A French-built Ariane 2 rocket flawlessly boosted a Nordic television satellite into orbit Saturday night, 24 hours late because of technical problems, in the 12th success in a row for the European space program.
The 162-foot liquid-fueled Ariane thundered to life at 9:28 p.m. EST and vaulted away from its firing stand at the European Space Agency's jungle launch complex on the northern coast of South America, lighting up the night sky as it rocketed skyward and arced east over the Atlantic Ocean.Nineteen minutes later, the rocket's payload, a 2,800-pound television relay station called TELE-X, was ejected into a preliminary egg-shaped "transfer orbit" as planned. If all goes well, on-board rocket thrusters will be used later in the week to circularize the satellite's orbit at an altitude of 22,300 miles.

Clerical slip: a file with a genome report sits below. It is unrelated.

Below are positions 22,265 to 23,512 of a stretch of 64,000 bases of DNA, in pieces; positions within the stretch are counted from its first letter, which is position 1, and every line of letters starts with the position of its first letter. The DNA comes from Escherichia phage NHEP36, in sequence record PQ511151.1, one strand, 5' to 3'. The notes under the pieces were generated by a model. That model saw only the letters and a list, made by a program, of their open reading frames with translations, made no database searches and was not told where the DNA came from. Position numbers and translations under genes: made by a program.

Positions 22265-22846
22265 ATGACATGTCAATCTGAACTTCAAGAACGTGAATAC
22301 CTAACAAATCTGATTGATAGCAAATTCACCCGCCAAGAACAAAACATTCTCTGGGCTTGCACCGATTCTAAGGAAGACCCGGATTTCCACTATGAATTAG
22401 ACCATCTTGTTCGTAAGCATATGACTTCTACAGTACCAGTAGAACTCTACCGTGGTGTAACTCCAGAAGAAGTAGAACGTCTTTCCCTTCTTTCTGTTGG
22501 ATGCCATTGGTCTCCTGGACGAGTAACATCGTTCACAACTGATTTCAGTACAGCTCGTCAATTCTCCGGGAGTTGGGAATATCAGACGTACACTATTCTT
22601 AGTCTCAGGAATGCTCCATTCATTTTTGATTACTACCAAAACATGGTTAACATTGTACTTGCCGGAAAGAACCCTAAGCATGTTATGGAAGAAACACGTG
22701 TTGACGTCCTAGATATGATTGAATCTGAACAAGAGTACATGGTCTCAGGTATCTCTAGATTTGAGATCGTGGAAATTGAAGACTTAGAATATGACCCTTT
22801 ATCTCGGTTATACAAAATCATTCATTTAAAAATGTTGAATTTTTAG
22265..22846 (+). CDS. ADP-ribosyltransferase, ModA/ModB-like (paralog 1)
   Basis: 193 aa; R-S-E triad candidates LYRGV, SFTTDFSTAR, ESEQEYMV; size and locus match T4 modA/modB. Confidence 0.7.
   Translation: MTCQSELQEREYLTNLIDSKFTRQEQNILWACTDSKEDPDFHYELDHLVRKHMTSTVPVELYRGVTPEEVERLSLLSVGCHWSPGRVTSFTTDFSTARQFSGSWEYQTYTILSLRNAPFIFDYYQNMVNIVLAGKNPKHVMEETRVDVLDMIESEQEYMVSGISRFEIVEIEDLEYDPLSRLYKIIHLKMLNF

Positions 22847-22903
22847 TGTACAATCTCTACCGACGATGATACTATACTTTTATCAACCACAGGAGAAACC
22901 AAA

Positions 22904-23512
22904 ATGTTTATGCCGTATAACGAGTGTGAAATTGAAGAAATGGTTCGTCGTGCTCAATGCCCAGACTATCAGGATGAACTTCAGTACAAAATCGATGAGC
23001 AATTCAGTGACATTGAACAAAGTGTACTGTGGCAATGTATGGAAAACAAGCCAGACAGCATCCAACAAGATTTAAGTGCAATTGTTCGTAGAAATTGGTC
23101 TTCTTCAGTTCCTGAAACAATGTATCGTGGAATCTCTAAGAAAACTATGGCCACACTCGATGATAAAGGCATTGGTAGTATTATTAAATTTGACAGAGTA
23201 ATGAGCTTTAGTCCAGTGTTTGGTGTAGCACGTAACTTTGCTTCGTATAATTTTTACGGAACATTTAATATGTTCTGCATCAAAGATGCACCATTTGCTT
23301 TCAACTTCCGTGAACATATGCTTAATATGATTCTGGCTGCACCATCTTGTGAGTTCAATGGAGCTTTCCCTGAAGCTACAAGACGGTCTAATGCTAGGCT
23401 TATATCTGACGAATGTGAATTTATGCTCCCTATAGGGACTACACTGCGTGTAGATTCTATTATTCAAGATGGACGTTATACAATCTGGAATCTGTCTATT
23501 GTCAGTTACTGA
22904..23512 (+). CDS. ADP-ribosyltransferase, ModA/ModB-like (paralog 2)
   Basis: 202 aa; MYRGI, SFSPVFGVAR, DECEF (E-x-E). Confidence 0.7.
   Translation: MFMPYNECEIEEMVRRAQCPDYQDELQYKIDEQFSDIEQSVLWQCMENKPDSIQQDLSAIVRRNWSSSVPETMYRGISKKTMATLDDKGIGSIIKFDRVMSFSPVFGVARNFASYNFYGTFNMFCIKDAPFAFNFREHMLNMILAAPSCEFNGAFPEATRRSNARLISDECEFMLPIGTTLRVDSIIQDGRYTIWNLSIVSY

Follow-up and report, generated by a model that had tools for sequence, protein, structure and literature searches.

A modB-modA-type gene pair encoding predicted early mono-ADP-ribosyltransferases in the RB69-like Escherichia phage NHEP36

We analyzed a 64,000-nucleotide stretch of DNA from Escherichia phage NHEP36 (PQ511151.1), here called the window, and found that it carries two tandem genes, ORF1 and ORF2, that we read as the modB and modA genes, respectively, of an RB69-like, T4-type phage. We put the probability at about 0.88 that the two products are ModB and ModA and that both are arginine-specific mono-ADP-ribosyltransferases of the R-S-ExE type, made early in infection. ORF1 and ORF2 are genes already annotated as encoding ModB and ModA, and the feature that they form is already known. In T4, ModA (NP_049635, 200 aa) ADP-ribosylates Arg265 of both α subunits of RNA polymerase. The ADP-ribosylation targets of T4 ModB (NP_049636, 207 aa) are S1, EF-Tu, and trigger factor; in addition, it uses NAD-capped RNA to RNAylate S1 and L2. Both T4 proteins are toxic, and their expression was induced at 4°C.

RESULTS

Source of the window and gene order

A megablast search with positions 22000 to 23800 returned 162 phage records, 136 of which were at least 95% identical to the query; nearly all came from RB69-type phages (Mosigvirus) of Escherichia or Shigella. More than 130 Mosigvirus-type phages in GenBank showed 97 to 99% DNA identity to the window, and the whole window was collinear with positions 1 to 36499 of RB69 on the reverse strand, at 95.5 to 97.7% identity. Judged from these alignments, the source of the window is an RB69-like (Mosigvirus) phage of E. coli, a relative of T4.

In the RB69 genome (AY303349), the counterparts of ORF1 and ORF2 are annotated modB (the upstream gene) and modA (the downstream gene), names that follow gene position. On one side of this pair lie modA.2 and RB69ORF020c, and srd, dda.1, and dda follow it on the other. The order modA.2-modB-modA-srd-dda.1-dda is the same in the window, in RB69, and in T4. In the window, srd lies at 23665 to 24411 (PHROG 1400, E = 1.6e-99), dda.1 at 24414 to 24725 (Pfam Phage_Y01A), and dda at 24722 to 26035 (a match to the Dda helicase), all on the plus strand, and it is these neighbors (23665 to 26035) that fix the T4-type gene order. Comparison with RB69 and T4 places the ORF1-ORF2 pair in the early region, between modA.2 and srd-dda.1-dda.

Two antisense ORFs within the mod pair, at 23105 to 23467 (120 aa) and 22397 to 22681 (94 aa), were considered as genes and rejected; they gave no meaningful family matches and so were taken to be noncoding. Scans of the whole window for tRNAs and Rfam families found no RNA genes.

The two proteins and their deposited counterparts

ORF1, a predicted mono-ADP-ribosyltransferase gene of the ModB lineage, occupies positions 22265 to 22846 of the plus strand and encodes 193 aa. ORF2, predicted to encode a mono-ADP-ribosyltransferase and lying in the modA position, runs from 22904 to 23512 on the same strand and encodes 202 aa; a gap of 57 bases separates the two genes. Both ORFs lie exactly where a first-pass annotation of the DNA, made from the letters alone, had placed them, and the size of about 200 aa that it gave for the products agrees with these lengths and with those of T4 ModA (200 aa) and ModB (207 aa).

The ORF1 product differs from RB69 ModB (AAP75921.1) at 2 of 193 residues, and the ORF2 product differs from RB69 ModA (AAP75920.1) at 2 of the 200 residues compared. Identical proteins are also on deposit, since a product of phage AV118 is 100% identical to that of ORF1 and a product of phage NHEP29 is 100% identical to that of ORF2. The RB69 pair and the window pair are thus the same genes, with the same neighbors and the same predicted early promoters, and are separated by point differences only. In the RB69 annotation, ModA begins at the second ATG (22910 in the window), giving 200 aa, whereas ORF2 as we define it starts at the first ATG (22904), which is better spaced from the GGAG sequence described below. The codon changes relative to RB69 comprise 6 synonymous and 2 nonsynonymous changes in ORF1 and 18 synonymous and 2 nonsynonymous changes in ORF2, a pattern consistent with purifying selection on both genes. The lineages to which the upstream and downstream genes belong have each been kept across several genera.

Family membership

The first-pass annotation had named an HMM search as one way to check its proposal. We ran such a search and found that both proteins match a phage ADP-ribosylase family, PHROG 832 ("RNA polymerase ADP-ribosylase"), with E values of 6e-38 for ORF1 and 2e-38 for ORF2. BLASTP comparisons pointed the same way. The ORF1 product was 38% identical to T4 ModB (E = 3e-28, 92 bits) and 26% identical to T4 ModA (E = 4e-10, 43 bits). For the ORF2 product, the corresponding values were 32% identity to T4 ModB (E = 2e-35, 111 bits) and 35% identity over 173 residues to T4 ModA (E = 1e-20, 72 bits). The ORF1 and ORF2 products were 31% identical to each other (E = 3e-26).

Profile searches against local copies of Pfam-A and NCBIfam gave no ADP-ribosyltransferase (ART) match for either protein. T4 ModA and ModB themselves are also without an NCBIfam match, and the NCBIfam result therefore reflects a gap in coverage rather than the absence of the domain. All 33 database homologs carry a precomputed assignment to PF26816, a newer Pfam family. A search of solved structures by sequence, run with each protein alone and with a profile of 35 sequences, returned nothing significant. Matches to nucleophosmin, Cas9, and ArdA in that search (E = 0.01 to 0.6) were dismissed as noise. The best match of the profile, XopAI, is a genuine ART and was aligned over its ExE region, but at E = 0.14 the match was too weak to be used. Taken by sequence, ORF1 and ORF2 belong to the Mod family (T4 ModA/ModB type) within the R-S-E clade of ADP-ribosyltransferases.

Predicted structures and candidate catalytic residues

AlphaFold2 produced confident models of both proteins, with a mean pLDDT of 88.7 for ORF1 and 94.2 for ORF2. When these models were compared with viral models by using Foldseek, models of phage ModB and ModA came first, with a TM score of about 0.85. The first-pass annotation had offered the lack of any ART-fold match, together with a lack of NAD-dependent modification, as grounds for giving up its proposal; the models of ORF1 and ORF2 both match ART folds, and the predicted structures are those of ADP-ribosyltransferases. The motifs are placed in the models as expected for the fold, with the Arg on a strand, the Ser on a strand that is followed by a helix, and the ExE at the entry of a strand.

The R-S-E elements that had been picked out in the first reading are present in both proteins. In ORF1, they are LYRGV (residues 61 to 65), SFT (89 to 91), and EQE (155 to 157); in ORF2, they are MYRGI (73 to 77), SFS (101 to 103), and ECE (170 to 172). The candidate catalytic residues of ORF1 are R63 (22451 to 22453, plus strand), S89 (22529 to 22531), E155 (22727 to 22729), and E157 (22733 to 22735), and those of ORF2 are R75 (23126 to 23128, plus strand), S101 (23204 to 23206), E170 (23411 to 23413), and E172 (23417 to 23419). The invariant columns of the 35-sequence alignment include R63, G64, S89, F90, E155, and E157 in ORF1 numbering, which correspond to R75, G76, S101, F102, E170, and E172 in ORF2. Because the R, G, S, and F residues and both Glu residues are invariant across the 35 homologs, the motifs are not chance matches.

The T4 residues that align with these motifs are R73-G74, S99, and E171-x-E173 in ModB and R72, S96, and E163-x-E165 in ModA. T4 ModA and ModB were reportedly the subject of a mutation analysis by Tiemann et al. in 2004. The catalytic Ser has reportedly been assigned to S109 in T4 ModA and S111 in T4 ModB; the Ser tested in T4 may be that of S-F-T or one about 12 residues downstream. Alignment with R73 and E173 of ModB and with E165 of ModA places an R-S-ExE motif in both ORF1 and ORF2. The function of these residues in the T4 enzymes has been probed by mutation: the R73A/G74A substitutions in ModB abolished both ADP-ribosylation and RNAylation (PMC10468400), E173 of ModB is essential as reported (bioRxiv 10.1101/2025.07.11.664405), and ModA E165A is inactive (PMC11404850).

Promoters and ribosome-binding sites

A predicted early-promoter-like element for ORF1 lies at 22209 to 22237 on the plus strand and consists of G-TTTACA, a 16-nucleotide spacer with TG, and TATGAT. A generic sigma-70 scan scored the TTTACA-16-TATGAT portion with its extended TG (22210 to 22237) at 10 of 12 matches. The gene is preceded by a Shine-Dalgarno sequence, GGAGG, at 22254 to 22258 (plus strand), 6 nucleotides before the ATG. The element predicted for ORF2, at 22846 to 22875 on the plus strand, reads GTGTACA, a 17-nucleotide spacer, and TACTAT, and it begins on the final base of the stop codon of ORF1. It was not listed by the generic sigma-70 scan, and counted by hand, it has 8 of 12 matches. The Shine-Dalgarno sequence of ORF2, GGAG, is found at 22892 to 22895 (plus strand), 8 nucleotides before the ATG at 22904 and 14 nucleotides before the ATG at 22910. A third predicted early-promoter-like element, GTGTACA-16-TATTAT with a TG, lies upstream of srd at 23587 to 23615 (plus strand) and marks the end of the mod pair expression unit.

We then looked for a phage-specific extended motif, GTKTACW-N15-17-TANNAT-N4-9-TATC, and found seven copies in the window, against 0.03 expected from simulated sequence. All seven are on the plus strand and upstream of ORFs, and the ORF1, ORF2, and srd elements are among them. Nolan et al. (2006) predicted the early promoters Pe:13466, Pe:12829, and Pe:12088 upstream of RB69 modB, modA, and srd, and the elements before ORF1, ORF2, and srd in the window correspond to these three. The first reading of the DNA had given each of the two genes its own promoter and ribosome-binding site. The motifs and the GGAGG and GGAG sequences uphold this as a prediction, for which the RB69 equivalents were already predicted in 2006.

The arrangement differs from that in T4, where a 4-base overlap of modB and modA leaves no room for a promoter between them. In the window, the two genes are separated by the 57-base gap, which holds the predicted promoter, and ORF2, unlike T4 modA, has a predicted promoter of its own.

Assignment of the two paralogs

The rocket's first countdown Friday night was halted about seven minutes before liftoff after launch controllers detected a faulty helium valve in ground support equipment and telemetry problems with the sleek rocket.
The flight is the 30th since the Ariane rocket fleet debuted in December 1979 and the third of nine scheduled for 1989 by Arianespace, the European consortium that markets Ariane launch services. The planned flight came just 26 days after the successful launch of a more-powerful Ariane 4 March 6.